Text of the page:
You must take responsibility for your life, for your happiness and for your money.  Please don’t let me hear that this is ‘too hard for you.’   Dive in and dig deep.  What would you tell your daughter if she told you, ‘finance and learning about money is hard; I don’t really like it?’  Perhaps you’d advise her that she needn’t worry, ‘You’ll get a prince and he will take care of all the hard things…’

The First thing you should know- the most basic thing is: Know where your money goes.  How much do you bring home each pay period or month or year.  Knowing where you money goes is NOT a budget.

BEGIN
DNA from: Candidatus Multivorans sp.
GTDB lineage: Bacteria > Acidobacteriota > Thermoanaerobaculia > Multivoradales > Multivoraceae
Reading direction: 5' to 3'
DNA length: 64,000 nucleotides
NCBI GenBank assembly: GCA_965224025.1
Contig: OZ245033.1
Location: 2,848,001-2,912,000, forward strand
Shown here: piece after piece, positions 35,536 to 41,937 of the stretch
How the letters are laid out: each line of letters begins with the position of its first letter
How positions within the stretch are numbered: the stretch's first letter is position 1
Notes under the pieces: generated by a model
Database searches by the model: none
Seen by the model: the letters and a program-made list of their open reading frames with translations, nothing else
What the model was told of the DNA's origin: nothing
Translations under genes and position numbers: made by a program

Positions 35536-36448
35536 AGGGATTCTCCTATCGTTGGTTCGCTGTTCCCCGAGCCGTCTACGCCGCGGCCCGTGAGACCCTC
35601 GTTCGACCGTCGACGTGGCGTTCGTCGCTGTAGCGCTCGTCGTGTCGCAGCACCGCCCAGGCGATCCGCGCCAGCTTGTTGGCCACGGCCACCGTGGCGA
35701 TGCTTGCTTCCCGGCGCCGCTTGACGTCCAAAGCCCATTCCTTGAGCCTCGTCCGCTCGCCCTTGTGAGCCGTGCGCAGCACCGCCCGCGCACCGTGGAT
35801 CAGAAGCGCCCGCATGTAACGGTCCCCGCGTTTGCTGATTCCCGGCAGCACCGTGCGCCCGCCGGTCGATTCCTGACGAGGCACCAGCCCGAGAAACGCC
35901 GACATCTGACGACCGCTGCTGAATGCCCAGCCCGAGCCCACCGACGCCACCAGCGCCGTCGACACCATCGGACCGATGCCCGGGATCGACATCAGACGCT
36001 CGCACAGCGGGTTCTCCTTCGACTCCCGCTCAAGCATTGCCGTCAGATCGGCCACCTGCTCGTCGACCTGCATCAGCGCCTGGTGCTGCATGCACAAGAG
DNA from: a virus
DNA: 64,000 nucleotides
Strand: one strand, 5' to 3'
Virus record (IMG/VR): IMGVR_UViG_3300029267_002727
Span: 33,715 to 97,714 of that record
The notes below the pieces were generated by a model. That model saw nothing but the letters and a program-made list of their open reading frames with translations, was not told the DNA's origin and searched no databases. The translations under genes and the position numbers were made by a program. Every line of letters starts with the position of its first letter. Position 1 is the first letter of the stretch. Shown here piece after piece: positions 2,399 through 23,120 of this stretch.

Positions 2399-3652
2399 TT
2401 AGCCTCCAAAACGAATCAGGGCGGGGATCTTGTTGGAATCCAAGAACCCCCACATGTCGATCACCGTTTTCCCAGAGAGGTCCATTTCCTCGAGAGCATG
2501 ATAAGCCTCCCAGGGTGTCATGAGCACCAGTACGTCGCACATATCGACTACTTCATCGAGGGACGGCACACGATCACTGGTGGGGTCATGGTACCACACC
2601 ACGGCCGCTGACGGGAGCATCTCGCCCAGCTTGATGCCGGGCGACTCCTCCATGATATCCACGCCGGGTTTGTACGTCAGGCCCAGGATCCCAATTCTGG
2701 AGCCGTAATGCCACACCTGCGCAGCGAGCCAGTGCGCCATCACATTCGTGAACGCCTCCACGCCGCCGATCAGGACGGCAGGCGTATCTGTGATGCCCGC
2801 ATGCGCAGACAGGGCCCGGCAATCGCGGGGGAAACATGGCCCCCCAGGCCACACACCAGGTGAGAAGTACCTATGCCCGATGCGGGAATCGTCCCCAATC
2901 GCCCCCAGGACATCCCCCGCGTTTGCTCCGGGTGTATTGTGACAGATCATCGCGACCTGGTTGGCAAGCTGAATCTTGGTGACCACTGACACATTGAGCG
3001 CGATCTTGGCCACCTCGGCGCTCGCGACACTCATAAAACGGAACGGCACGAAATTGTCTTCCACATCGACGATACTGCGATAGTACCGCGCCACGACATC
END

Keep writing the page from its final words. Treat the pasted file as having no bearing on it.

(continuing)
A BUDGET, from the French word for PURSE, how awesome is that?!!!! Is a numerical representation of your action plan. It’s the numbers that goes with the dreams of your life and future!  The story might be: I want the freedom to take a job that I really love because I have less debt and more liberty! Make paying off debt part of your plan, your numerical story, your budget.  A budget has what you pay in rent or mortgage, debt repayment and’ living.’  How much goes to investments?

You should be very clear, you should be able to tell me right now- don’t, but you should know!- what percentage of your money goes to various categories. If you don’t know, that’s fine for NOW. We all star somewhere. But by next week, you need to KNOW.

What are some standard figures for these categories? You can do an online search or email me and I can get you something I use, but there are many ways to organize this depending on YOUR brain and your most comfortable tools. Just be a grown-up and do this.